Budăi and Țârdea travelled often to Moldova over the last year.. The two also own Job Shipping 2001, a consulting firm registered 11 years ago in Chisinau.
“Half of Interior Ministry worked for me”
Țârdea’s partnership with Moldova’s SPPS chief is taboo.
Țârdea declined to comment. His son, Andrei, told OCCRP: “I have nothing to say. I won’t answer your questions, and that’s my right. I wouldn’t want to waste your time, so I’ve nothing to say -- either myself, or my father. ”
After numerous attempts to contact him, Țârdea-senior agreed to a phone interview. “It is the media that destroyed me, not the prosecutors, the police or the judges,” he said.
Țârdea said Budăi, a friend for more than 20 years, brought him to Moldova. He said he had invested a lot in Euro Bingo. “I face the risk to lose all the money because of the license. You’d better write about that” Țârdea said.
General Bodorin told OCCRP “I’ve heard that Mr Țârdea has some problems in Romania, but that’s all I know. We’ve only spoken a few times. My wife does business with whomever she wants.” He said his wife was not available for comment.
“I don’t know much about my wife’s businesses,” he said.
The Military Network
Cătan, a police major-general with the Moldovan Minister of Interior between 1998-2000 and 2009-2011, was initially involved with the Euro Bingo project but soon dropped out. Cătan was also a deputy Minister of Justice and Interior. Cătan is a member of the ruling party in Moldova, led by Vlad Filat (PLDM). After he retired, Cătan said an old friend recruited him into the company.
Cătan, said the company was arranged like a military organization using a network of ex-policemen to sell tickets. ‘To be honest, working with police officers has certain advantages. They are disciplined and good organizers. Any officer working in a Moldovan district enjoys great authority.”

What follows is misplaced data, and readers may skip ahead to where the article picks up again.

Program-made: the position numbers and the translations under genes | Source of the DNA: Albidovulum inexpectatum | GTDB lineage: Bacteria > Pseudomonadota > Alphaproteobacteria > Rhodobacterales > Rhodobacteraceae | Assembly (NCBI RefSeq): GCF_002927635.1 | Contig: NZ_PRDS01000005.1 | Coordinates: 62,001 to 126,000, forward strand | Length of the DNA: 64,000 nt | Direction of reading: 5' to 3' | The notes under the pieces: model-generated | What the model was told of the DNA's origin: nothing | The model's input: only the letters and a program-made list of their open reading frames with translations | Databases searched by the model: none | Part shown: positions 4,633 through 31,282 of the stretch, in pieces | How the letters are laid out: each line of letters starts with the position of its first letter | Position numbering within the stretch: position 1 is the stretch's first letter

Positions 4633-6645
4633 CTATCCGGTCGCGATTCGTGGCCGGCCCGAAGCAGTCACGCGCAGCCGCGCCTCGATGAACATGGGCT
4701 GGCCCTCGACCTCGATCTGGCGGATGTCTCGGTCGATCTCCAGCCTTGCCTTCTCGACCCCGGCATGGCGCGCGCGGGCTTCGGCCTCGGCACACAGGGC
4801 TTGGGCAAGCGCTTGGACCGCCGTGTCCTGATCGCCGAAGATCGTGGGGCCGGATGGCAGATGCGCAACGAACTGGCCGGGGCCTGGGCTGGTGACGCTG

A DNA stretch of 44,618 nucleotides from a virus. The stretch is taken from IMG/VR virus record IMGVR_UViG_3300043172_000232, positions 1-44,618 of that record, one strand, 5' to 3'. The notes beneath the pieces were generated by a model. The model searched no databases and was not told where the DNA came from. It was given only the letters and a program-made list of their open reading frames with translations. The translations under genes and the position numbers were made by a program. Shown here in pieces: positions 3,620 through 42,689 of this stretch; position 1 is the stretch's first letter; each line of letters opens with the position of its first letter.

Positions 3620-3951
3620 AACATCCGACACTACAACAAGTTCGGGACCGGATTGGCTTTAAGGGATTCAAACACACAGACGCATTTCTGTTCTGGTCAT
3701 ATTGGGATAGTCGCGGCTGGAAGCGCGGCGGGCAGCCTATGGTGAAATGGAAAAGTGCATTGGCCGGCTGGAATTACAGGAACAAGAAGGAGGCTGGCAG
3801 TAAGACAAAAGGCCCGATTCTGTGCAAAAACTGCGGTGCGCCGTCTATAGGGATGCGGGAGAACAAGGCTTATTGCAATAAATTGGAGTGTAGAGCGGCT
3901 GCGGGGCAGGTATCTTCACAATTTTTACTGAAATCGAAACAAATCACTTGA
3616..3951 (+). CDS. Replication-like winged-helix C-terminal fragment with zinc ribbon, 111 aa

“Of course, the initiators had in mind protection, influence. They want to make a lot of money,” he said.
Cătan said he dropped out because, while the company promised large amounts of money, none materialized.
Cătan said he checked out Țârdea’s past in Romania. “I asked the Romanian colleagues who informed me promptly. I didn’t want to have anything to do with that company. …. As soon as I received the information about Țârdea, I went to Bodorin’s office and I told him. Well, we are on good terms; his wife is part of the company, so it was only fair to tell him,” he said.
Connections With Bivolaru and Iacubov
There is one other connection to another bingo style show that appeared on Pro TV and also soon declared bankruptcy. Rokeno, a gambling company, was owned Mihaela Ene and Cora Nistor. Ene is the sister of Bivolaru.
Bivolaru has been investigated and monitored by Romanian authorities for a long time. He is a former PSD deputy, sentenced to three years for economic fraud.
Nistor is the sister of Corneliu Iacubov, a former vice-president of PSD Bacau and the former owner of Rafo Onești Refinery. He is being sued as an accomplice to tax evasion, money laundering, fraud and embezzlement.
Reported and Written by Paul Radu and Mihai Munteanu
Additional reporting by Alina Turcanu